US State Department: Sudan has made great progress in financial transparency
Washington, June 25 (SUNA) – The US State Department has announced today that the Sudan’s transitional government made great progress in financial transparency, as it has made public for the first time the spending budget of all ministries, including the office of Prime Minister Abdullah Hamdouk.
the US State Department report issued today on financial transparency for the year 2021, indicated that 74 of the 141 governments around the world reviewed by the US State Department met the minimum requirements for financial transparency, while 17 governments out of 67 governments did not meet the minimum limit requirements for a significant progress during the review period.
the aforementioned governments and countries are the ones that receive support from the United States of America and international funds, which require financial transparency in their dealings.
The report identified the status of each country separately, indicating that the review period for Sudan covered the first full year in power for the civilian-led Sudanese transitional government.
The report noted: “The (Sudanese) government made significant progress by publishing the budget within three months of its approval. It also made significant progress by defining expenditures according to each ministry, and expenditures included the Prime Minister’s Office.”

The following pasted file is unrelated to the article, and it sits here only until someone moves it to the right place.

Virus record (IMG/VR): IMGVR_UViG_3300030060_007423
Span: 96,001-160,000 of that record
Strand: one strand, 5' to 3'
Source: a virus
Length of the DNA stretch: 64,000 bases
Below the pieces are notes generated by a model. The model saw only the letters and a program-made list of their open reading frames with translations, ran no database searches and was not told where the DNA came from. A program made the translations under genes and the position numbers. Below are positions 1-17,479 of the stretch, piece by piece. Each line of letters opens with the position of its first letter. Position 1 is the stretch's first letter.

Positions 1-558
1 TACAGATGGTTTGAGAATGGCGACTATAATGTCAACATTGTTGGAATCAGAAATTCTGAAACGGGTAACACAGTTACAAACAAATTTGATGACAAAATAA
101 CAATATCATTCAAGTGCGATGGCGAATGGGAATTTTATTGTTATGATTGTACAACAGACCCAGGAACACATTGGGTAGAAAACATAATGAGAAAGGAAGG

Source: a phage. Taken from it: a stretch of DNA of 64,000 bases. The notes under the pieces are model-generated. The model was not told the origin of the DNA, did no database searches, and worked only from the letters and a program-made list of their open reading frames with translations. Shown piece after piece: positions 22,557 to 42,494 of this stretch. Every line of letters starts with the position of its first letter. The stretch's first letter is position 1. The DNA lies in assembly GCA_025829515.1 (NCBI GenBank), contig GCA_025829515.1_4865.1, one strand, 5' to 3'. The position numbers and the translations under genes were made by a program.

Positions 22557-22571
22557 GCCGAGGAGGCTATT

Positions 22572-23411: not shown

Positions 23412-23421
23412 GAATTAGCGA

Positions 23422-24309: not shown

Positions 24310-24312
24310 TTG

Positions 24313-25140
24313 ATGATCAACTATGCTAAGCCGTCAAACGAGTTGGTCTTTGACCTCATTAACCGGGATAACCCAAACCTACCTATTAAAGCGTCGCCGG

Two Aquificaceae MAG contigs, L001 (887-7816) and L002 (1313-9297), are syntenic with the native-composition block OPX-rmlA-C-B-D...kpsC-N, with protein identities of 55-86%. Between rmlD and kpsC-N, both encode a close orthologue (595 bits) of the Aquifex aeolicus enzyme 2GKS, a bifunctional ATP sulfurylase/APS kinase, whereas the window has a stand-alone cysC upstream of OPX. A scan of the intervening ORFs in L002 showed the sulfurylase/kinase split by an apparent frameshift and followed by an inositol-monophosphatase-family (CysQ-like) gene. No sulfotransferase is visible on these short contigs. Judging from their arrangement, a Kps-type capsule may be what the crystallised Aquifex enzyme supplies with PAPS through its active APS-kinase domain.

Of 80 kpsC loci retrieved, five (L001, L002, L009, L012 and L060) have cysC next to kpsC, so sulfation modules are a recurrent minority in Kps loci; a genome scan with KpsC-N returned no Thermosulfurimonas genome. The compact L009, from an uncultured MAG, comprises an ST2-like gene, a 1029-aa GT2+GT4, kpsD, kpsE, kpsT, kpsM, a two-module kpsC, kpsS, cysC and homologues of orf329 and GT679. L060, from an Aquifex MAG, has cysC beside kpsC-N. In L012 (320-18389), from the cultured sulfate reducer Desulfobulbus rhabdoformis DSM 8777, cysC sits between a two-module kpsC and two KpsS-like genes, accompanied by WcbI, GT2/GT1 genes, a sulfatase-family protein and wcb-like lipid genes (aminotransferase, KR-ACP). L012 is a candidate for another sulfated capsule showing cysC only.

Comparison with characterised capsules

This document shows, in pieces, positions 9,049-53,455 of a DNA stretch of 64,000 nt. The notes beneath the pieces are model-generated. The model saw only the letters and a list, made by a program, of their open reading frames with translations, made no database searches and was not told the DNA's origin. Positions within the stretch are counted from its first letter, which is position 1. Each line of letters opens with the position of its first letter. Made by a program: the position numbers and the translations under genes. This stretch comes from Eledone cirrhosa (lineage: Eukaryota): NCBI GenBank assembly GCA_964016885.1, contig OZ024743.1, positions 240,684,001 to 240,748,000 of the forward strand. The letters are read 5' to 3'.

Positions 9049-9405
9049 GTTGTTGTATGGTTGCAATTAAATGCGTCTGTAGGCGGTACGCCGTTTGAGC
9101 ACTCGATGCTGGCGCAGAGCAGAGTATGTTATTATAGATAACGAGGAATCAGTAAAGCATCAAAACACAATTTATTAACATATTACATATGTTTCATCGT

The US report on financial transparency indicated that Sudan has made great progress because it prepared budget documents in accordance with international standards, and the documents that included information on Sudan’s debt obligations were then published for the first time.
The report pointed that despite the lack of matching budget estimates and budget implementation, the government has made: “significant progress by publicly publishing the revised budget estimates.”
The report has criticized the incomplete budget documents because they did not include extra-budgetary revenues from the institutions run by the Armed Forces, and that the declared military expenditures were low and lacked transparency.
The report noted that the Sudan’s monitoring body, which meets international standards of independence, conducted audits that covered the entire annual implementation budget, but did not publish them in a reasonable time.
The report added that the Sudanese government set standards and procedures by which the government legally granted contracts or licenses to extract natural resources, noting: “but it appears that these procedures and standards were not followed in practice. Basic information on incentives to extract natural resources was not publicly available.”
The report emphasized that the financial transparency in Sudan could be improved by eliminating any off-budget accounts or subjecting them to appropriate auditing and supervision, by imposing greater civilian oversight over the country’s military and intelligence budgets, and by ensuring that the oversight body reviews the government’s executed budget within a reasonable time, and publishes its reports, in addition to adhering to the process of awarding contracts extracting natural resources and licenses provided by law and making information on incentives to extract natural resources available to the public.
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